Skip to content
News / July 7, 2009

Sugar substitute may prevent toddlers

by Guy Hiscott

Toddlers given syrup containing the naturally occurring sweetener xylitol may be less likely to develop decay in their baby teeth, a new study suggests.

Xylitol has been shown to effectively prevent tooth decay by inhibiting the growth of bacteria that cause cavities.

These previous studies have primarily involved chewing gum or lozenges used in school-age children with permanent teeth.

The US team evaluated the effectiveness of using xylitol-containing syrup among 94 children aged 9 to 15 months where early childhood tooth decay is a serious health care problem.

Reporting in the July issue of the US journal, Archives of Pediatrics and Adolescent Medicine, University of Washington researchers say cavities in early childhood are increasing in prevalence, especially in the poor.

Dr Peter Milgrom from the University of Washington in Seattle and colleagues note in a report: ‘Poor children experience rates twice as high as those of their more affluent peers, and their disease is more likely to be untreated.’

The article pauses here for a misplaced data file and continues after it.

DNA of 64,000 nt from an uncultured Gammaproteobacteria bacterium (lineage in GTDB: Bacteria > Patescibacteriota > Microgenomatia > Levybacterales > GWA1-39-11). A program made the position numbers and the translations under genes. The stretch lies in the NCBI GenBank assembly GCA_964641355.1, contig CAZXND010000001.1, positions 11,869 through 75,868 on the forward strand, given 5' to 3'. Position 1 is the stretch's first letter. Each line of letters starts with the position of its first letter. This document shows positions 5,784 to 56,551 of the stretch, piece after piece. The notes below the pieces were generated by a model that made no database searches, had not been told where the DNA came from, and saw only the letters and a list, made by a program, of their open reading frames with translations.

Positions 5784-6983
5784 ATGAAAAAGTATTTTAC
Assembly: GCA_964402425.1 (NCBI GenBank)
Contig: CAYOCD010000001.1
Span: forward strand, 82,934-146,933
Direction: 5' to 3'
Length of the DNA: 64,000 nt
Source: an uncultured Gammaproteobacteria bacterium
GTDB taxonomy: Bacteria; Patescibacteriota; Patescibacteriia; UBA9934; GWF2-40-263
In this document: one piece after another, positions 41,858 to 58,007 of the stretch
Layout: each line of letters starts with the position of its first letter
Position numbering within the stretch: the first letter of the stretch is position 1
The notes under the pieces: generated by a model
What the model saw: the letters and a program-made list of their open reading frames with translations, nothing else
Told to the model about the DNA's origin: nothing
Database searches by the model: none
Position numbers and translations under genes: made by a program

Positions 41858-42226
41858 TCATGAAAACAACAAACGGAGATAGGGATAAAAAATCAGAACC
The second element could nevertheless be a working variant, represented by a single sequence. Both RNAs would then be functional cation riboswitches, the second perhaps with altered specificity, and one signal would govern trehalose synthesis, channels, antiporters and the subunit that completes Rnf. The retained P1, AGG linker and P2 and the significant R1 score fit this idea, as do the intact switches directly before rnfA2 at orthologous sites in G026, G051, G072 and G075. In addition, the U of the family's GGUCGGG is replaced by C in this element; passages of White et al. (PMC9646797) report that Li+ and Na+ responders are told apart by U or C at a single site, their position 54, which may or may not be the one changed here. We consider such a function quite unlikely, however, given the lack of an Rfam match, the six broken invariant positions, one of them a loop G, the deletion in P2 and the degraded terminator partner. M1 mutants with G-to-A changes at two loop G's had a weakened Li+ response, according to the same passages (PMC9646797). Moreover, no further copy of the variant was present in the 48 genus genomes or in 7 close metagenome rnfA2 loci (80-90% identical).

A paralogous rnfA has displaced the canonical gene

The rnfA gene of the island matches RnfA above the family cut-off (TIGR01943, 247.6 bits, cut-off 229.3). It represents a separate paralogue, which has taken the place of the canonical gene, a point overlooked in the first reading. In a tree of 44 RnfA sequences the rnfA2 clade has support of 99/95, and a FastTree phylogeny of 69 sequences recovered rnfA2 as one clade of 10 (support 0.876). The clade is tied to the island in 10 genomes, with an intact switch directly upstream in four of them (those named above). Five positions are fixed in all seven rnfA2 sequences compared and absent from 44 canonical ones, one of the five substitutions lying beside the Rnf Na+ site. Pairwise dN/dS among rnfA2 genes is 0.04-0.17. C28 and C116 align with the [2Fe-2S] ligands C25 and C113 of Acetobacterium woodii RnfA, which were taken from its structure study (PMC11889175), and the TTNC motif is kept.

The experts report: ‘Our results suggest that exposure to xylitol (8 grams per day) in a twice-daily topical oral syrup during primary tooth eruption could prevent up to 70% of decayed teeth.’


After an average of 10.5 months, 8 of 33 children (24.2%) receiving two doses of xylitol per day and 13 of the 32 children (40.6%) receiving three doses of xylitol per day had tooth decay, compared with 15 of the 29 children (51.7%) in a control group.


The average numbers of decayed teeth were 0.6 in the two-dose xylitol group, one in the three-dose xylitol group and 1.9 in the control group.


‘These results provide evidence for the first time (to our knowledge) that xylitol is effective for the prevention of decay in primary teeth of toddlers,” Milgrom and colleagues wrote.


‘More research is needed to develop vehicles and strategies for optimal public health, but in populations with high rates of tooth decay, xylitol is likely to be a cost-effective preventive measure,” they conclude.